time.... (-1, Troll)

Anonymous Coward | about 9 years ago | (#13676304)

Firefox will reign, is a matter of time.

Its also got more unstable (0)

doormat (63648) | about 9 years ago | (#13676308)

FF 1.0.7 has locked my laptop and desktop more times than I care to recall. No BSOD, no crash, the entire system just freezes up. The mouse wont move, nothign responds. I've been tempted to switch to Opera lately - FF quality is going down the drain....

Re:Its also got more unstable (0)

Anonymous Coward | about 9 years ago | (#13676359)

Never happened to me. I've installed it on 1000 computers in our lab, and yet to have seen it freeze up a system. Occassionally dies on a particularly bad webpage, true, but not taking everything with it. I think you have hardware issues.

Re:Its also got more unstable (1)

doormat (63648) | about 9 years ago | (#13676513)

On both my laptop and my desktop? Everything else runs fine, without errors....

Re:Its also got more unstable (0)

Anonymous Coward | about 9 years ago | (#13676419)

Sounds like a hardware problem to me or possibly a driver issue. The only thing that Firefox does to me is leak memory.

Stupid conclusions (4, Insightful)

Bogtha (906264) | about 9 years ago | (#13676318)

Opera, for instance, now has to steal users from Firefox, not IE, since the pool of IE users willing to change has dried up.

No, even if you accept the numbers, it means the pool of IE users willing to change to Firefox has dried up. It's pretty damn arrogant to assume that if Firefox isn't acceptable to somebody, nothing is. I use Firefox myself for the time being (roll on Konqueror 3.5 with Adblocking built in), but I'm not going to claim that it's perfect.

One thing I can never find with these stories is how they come up with the figures. Examining httpd logs and using Javascript tricks is about as accurate as guessing. Do they conduct proper surveys or are they just another snake oil vendor? The fact that their website is broken in Firefox isn't exactly a ringing endorsement.

Version 1.5 (3, Insightful)

shic (309152) | about 9 years ago | (#13676320)

In my experience it is the Mozilla innovations which encourage people to switch... the better the features the more compelling the motivation to switch.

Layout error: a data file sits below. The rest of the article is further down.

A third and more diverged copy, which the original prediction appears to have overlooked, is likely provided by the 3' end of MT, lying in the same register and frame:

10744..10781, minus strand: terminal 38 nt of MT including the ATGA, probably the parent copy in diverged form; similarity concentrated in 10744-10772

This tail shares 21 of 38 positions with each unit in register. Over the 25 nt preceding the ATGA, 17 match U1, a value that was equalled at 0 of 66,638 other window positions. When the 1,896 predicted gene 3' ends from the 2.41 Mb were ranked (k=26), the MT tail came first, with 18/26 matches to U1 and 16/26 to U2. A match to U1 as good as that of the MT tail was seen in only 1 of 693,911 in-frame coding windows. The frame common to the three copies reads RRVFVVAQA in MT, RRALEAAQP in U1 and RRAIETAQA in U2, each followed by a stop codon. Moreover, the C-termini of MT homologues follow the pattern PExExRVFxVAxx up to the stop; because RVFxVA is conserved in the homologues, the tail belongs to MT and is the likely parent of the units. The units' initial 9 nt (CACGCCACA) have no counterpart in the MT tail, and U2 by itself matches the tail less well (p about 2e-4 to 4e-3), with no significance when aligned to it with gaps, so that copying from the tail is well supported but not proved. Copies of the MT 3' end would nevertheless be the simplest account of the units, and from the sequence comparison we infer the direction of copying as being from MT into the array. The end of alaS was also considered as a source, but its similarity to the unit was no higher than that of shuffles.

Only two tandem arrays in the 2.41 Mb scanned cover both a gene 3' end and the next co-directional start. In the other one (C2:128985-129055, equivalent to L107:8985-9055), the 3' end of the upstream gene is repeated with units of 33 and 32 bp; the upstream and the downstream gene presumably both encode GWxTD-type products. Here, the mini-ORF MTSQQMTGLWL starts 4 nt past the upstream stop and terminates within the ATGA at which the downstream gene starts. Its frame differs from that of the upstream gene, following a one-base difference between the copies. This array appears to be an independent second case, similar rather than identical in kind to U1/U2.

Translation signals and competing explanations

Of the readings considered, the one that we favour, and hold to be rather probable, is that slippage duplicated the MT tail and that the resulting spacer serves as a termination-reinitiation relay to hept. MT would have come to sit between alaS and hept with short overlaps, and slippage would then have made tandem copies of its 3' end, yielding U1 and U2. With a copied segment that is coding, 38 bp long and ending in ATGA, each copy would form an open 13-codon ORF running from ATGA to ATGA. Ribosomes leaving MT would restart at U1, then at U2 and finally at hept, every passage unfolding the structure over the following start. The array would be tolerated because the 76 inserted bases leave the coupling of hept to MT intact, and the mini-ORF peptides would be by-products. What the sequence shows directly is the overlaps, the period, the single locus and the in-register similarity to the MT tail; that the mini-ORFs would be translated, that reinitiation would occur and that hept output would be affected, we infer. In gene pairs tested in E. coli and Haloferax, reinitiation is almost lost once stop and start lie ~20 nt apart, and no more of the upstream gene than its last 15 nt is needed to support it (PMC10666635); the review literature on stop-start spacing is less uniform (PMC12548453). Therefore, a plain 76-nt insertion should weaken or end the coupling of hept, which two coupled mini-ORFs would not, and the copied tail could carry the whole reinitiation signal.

Recently the released improvements to the Mozilla suite in the release products have slowed. I strongly suspect that version 1.5 will bring yet more people on-board. I'm using the Thunderbird 1.5 beta for my email right now and it is a fantastic improvement over the current release version.

[Minor whinge] I wish I could print an email without all the irrelevant headers... preview what will be printed and (optionally) change the format.

Re:Version 1.5 (1)

4of12 (97621) | about 9 years ago | (#13676417)

it is the Mozilla innovations which encourage people to switch


I've often felt that if Mozilla/Firefox gave users an easy way to compose and publish precise SVG using a WYSIWYG interface, including international language support, across platform, that usage would increase markedly.

Re:Version 1.5 (1)

jxyama (821091) | about 9 years ago | (#13676512)

For the majority of Internet users (the 80+% using IE), those "innovations" you speak of are invisible and inconsequential. They don't use them, they don't care about them and worst of all, they don't know about them and have no way of finding out about them.

These are people whose daily Internet use consists of Hotmail, Amazon and CNN. They are not on the fence, waiting for the next batch of innovation from Firefox to switch

FYI: Different situation in Europe (5, Interesting)

zerojoker (812874) | about 9 years ago | (#13676333) []
I'm just wondering why the market share in Europe is so much higher? I mean, I doubt that there is such a different user basis?! (The linked article talks about 20% market-share in Germany and Poland...)

Fighting the monopoly (0, Flamebait)

Henriok (6762) | about 9 years ago | (#13676334)

This is what happens when one try to fight the reigning monopoly. Microsoft is effieciently killing complete markets with their marketing strategy. Microsoft knows this, and they know that they are getting away with it. Everything that they bundle with their operating systems is going to be standards eventually. EVERYTHING!

The only way to counter this is to make Microsoft not do this. DOJ tried (and failed), EU tried (and failed) and the justice department in Japan tried (and failed). So.. if the three most powerful governements on Earth is so weak that they can't make Microsoft stop killing competition and annexing markets, then who or what can? I really think this is a very frightening development.

This isn't necessarily a bad sign (2, Interesting)

dacarr (562277) | about 9 years ago | (#13676339)